Looking over a large menu in a Japanese restaurant or sushi bar can be a little confusing for Japanese cuisine newbies. Especially when you’re trying to figure out to order, it turns into sushi vs sashimi vs nigiri. So what exactly is sashimi?
Many people have heard of sushi before, but not all have heard of sashimi, much less know what it is – there are many that have not tried it before. If the article is to find out what’s the difference between sushi and sashimi, it would be safe to say that they must be quite similar, and many people think they are the same thing.
Both sushi and sashimi are delicious Japanese dishes. But sushi is not actually raw fish like so many people believe it is. The Japanese word sushi translates to “it is sour,” as outlined in our guide on sushi. That’s because sushi is actually the vinegar-and-seasoned rice – and it’s not just any rice either – it’s sushi rice!
The main difference between sashimi and sushi is that sushi always has rice, while sashimi is just raw seafood without any rice.
What is sashimi?
One of the biggest differences between sashimi and sushi is that sashimi does not get served with rice. It is served on its own, either as raw fish, or shellfish. Sashimi is raw fish, such as sashimi tuna or sashimi salmon, but other popular fish can be used such as octopus, shrimp, clams, yellowtail, and mackerel. The primary difference from sushi is that it is not served with rice.
Do you know what sashimi means? In English, translated from Japanese, it means “pierced fish.” Now, it’s almost become a term for any thinly sliced meat, served raw with only soy sauce and wasabi as condiments. In effect, when you order a sashimi item off the menu you will receive a plate of very high-quality meat (usually fish) that has been trimmed down of any connective tissues or fat and served chilled and uncooked, along with some wasabi paste.
Is sashimi raw meat?
Sashimi is raw fish served without rice. Typically, the highest quality fish is called sushi grade fish because it can be eaten raw.
Some people wonder why if they can eat raw fish, why aren’t other raw meats on the menu. But all the ‘nasties’ found in raw meat are way more harmful to humans than the microorganisms that are found in raw fish.
Mutton, beef, chicken, pork, etc. contain bacteria or parasites that can affect and infect humans. For instance, raw chicken meat contains campylobacter bacteria, which is positively poisonous; also salmonella, which is also poisonous, sometimes deadly. Pork can contain trichinella.
Fortunately, it’s rare in the modern preparation of meat. Sometimes beef is eaten raw, loved by many as “steak tartare”, but you stand the risk of an E.coli infection eating it. And the delectable French “blue” steak is cooked on the outside and is quite raw on the inside – it’s a considered-safe delicacy.
The taste of sashimi
Sashimi is normally eaten towards the start of a meal but can be ordered anytime, even as dessert if you really love it. Usually you’re supposed to just eat it as the sushi chef prepared it. However the way most Westerners enjoy eating it is to pour some soy sauce into a small bowl, add a little wasabi paste, and then using chopsticks, pick up a piece of sashimi, dab it in the soy and then place the piece in their mouth.
A little salt from the soy will bring out the flavors of the meat, enhancing the experience as your mouth rolls the uncooked fish around you begin to feel the texture of the meat that should be smooth but never slimy until you swallow. The aftertaste is where the full flavor comes through, often with a little burst of spice from the wasabi.
For many people, good sashimi is right up there as a delicacy as a good steak or oysters. High-quality produce, if done right is so good that you only have to do minimum preparation or cooking to bring out its flavors. As a consequence, it’s usually only the best seafood that gets put front and center as sashimi.
Is sashimi safe to eat?
When it comes to saltwater fish, the risks can be negligible. Sushi and sashimi are often prepared from their frozen state. Freezing the fish kills parasites.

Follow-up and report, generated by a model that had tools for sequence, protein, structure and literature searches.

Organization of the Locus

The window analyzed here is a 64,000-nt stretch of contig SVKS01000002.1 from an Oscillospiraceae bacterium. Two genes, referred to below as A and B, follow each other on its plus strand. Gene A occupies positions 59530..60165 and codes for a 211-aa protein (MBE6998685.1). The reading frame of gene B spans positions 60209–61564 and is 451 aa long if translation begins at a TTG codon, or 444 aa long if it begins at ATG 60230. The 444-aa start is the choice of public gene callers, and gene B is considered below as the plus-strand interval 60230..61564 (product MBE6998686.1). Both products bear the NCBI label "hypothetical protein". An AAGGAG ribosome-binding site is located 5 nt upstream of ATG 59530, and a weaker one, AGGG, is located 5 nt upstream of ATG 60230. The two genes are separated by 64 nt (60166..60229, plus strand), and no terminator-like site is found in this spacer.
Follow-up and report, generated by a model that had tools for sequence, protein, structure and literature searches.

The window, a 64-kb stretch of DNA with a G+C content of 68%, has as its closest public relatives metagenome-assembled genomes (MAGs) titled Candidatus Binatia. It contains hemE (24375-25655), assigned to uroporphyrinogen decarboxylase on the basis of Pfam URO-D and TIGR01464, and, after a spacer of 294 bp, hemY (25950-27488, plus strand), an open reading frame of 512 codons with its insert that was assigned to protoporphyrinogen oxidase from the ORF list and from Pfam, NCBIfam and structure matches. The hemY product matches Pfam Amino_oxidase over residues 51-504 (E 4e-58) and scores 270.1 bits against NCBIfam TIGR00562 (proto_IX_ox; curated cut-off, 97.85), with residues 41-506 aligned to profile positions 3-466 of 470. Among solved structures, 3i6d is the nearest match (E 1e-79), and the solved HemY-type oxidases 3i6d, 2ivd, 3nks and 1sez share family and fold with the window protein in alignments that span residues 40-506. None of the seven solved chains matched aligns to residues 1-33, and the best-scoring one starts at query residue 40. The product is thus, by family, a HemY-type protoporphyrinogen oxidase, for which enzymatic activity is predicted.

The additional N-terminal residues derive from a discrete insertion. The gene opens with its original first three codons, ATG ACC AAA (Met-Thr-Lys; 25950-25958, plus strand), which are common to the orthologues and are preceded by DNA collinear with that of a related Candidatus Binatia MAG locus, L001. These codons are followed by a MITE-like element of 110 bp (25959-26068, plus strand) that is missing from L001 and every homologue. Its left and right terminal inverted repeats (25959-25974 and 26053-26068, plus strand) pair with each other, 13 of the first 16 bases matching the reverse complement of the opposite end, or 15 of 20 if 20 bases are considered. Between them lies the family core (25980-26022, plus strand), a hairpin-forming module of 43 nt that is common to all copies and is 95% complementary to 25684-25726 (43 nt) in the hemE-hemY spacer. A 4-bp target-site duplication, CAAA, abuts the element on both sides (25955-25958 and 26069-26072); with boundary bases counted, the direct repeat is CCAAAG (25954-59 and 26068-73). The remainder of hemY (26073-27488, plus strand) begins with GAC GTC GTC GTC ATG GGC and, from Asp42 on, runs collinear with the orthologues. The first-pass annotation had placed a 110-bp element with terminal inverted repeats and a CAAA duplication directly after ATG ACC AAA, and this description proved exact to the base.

Food and Drug Administration regulations stipulate that fish to be eaten raw — whether as sushi, sashimi, ceviche, or tartare — must be frozen first, to kill parasites. ”I would desperately hope that all the sushi we eat is frozen,” said George Hoskin, a director of the agency’s Office of Seafood.Source: Julia Moskin, New York Times
Freshwater fish is riskier, as the human constituency can’t always deal with any parasites that are found inside. But of course, the important thing is where the fish comes from; where it was caught. The science behind eating ocean-based fish or freshwater fish is simple – the freshwater fish in the USA do tend to have more parasites. Scientists warn people to exercise caution when they select raw fish for eating because the demand for raw fish is expanding across the globe.
While many different seafood options are listed here as ingredients for sashimi, it’s important that the food is handled and prepared correctly to ensure you or anyone else does not get sick or develops poisoning. If you’re currently wondering if sashimi is healthy, here’s a helpful guide.
We recommend keeping to sustainable sushi options unless you are in a very high-end Japanese restaurant or in Japan itself. Certainly don’t attempt chicken sashimi at home for your next dinner party!
And finally, if you’re have leftover sushi and wondering if it’s still okay to eat, make sure to check out our guide on sushi shelf life.
The proper way to eat sashimi
Well, we will explain to you, according to etiquette, how you eat sashimi. Here are a couple of tips:
- Don’t mix your wasabi into the soy sauce – it is considered poor etiquette. Just take a suitable amount of wasabi with your chopsticks and place it onto the sashimi. Then you may dip your sashimi plus the wasabi into the soy sauce provided and pop it into your mouth in a single bite. Remember that the wasabi is spicy and aromatic, and if you douse it straight away into the soy sauce, the lovely aroma is drowned and you will lose the awesome flavors.
- Remember your sashimi will come to you very thinly sliced in whatever shapes you choose to eat it – the slices could be rectangles, or cubes, or flat slices. This means chefs will use a sharp sashimi knife and have good knife skills when preparing your sashimi. The slices need to look smooth and be visually appealing and mouth-watering. As we said earlier, sashimi is usually served on its own with some beer. But it can be served as a light meal, or a snack, or an appetizer at the start of your dining experience.
- When your sashimi arrives at your table, it will be served on a dish or a platter, sometimes on cauliflower rice or daikon radish or shiso leaves – deliciously seasoned – take your pick. Sometimes the soy sauce or ponzu might be a citrus-flavored sauce.